Prevent Garbage In, Garbage Out: Take Notes 
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Last week I wrote about Charles Babbage and his Difference Engine.  Acknowledged as the father of the modern computer, Mr. Babbage lived from 1791–1879.  I suggested that parents create a Making a Difference Engine, or MDE.  I hope you have done so!  Remember the acronym GIGO means “Garbage in, garbage out” or what goes into the machine determines the outcome.  In this article I will suggest where to find the best input information for your child’s practice, aka MDE, and how to organize it.

The best place to find input for the MDE is at your child’s lessons.  This is where the note taking is important.  The purpose of notes is to help one to study more effectively, efficiently and quickly. Who doesn’t want this? Some research suggests that whether you take notes or not you will remember about 40% of what was said.  But, those who take notes remember important points; non-note takers remember a random assortment of things, many of which are not at all helpful. It is believed that the act of writing requires the brain to evaluate and order information and this is what fixes ideas firmly in our minds.  That’s a lot of good from paper, a pen and active listening!

Here are some note taking ideas:
  • Use a dedicated notebook.
  • Don’t trust yourself to remember anything.   
  • Actively listen to what is said.  Not everything is important, but if you are distracted you may miss important information.
  • Choose what is important to record.  Record as much as is necessary for you to remember the important parts.  Ask the teacher if you are unsure about what is important.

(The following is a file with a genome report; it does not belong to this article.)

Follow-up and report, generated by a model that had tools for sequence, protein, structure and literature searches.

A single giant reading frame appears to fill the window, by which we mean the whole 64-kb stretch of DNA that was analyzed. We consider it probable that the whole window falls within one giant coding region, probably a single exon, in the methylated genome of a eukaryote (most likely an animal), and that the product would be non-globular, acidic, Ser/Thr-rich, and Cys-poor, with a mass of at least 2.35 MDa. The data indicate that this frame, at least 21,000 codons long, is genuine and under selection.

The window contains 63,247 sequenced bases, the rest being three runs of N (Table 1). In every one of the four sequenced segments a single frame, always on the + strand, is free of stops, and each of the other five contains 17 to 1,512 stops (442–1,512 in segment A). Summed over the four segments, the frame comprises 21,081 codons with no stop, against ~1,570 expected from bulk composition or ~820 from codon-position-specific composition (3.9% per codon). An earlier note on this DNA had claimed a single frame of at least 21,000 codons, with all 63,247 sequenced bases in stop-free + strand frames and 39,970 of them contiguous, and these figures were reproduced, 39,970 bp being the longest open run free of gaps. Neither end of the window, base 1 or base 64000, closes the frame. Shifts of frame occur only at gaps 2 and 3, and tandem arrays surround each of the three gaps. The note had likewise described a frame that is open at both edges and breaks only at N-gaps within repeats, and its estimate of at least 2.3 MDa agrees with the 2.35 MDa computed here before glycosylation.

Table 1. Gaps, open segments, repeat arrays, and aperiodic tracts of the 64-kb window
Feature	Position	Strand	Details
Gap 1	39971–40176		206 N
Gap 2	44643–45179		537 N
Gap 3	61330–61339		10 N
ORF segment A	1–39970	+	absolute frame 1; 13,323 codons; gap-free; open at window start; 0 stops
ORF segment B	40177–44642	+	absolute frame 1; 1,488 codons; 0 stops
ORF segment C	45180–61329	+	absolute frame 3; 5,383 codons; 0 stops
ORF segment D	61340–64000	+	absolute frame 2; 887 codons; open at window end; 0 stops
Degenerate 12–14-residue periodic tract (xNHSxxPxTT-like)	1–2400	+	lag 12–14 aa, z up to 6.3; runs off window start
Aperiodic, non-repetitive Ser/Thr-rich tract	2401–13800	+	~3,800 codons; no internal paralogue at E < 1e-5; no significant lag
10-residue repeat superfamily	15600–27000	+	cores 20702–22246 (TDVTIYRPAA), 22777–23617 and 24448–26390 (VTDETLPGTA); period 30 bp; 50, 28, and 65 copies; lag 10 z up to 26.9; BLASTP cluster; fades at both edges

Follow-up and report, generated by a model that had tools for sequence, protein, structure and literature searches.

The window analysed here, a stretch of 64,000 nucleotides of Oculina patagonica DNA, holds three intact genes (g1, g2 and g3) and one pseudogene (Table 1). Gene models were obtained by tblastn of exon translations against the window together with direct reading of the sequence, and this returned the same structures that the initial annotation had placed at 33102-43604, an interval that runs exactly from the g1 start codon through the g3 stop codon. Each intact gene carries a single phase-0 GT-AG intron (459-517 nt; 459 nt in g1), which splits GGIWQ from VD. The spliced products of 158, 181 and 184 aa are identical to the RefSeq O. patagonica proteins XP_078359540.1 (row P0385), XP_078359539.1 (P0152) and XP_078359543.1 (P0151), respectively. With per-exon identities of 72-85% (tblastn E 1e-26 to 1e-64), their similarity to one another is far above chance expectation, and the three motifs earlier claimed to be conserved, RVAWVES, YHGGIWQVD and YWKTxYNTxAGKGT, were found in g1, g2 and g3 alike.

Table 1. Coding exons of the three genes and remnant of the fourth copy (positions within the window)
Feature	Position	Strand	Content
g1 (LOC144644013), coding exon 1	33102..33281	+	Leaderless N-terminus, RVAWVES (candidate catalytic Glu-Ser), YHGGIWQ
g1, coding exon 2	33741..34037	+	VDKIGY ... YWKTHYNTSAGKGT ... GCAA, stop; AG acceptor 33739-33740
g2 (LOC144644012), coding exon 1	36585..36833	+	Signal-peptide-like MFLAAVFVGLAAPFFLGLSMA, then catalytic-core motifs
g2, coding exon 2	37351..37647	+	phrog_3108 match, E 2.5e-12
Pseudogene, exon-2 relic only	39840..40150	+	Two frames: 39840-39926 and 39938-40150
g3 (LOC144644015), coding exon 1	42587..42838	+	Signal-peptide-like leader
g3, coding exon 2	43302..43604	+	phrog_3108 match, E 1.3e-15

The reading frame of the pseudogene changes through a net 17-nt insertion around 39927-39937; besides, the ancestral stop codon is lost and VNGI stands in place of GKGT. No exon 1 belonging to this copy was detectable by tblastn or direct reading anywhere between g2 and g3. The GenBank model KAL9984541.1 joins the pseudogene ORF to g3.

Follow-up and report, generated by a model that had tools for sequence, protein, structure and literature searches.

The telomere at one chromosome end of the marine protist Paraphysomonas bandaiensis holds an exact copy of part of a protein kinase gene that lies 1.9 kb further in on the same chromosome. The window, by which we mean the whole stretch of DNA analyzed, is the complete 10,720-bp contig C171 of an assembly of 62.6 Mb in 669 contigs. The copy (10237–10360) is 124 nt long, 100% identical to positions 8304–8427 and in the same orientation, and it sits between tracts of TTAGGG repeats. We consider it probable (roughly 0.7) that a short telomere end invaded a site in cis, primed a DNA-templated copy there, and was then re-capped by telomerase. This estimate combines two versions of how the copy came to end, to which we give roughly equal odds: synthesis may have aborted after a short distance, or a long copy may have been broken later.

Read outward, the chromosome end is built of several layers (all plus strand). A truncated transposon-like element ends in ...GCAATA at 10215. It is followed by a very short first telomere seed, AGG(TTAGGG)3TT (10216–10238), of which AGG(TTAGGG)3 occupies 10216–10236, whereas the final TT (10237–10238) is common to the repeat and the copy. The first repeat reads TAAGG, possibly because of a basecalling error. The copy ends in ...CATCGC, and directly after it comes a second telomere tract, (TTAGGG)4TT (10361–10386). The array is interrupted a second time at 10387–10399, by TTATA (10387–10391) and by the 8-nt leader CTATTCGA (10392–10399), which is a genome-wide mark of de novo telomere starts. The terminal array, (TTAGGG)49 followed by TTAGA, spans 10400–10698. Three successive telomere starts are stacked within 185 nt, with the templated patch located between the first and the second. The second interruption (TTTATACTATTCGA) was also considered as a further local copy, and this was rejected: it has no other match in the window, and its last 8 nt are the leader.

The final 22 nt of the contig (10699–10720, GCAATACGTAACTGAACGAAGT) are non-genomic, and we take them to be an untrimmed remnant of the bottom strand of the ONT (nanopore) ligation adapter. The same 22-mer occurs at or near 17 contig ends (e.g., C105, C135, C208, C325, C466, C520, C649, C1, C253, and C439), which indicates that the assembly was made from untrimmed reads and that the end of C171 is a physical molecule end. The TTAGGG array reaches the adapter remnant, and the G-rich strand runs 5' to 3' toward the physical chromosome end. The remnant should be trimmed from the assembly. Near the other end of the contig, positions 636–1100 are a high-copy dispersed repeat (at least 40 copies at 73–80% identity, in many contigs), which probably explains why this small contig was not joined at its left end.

• Use abbreviations, make up your own to you can write faster.
  • Listen to the teacher’s voice and watch any movements.  The tone and pitch, intensity and gestures are clues to what’s important in the lesson.
  • Organize your notes by piece, exercise, scale, etc.
  • Record how specific problems were handled so you can repeat the process at home.
  • Don’t merely write down the name of piece, and nothing else.  Be specific.
  • Write down what’s new to you and what is relevant.
  • Pay particular attention to:  definitions and new terms, exercises and why/where to do them, measures that need attention and how to approach them.
  • Note any questions you have, or things you don’t understand.  If you don’t get it at the lesson, you can’t help your child get it at home.
The amount of effort the parent puts into preparing the Making a Difference Engine, is directly related to the output from that engine.  Learn how to take excellent notes and then use them.
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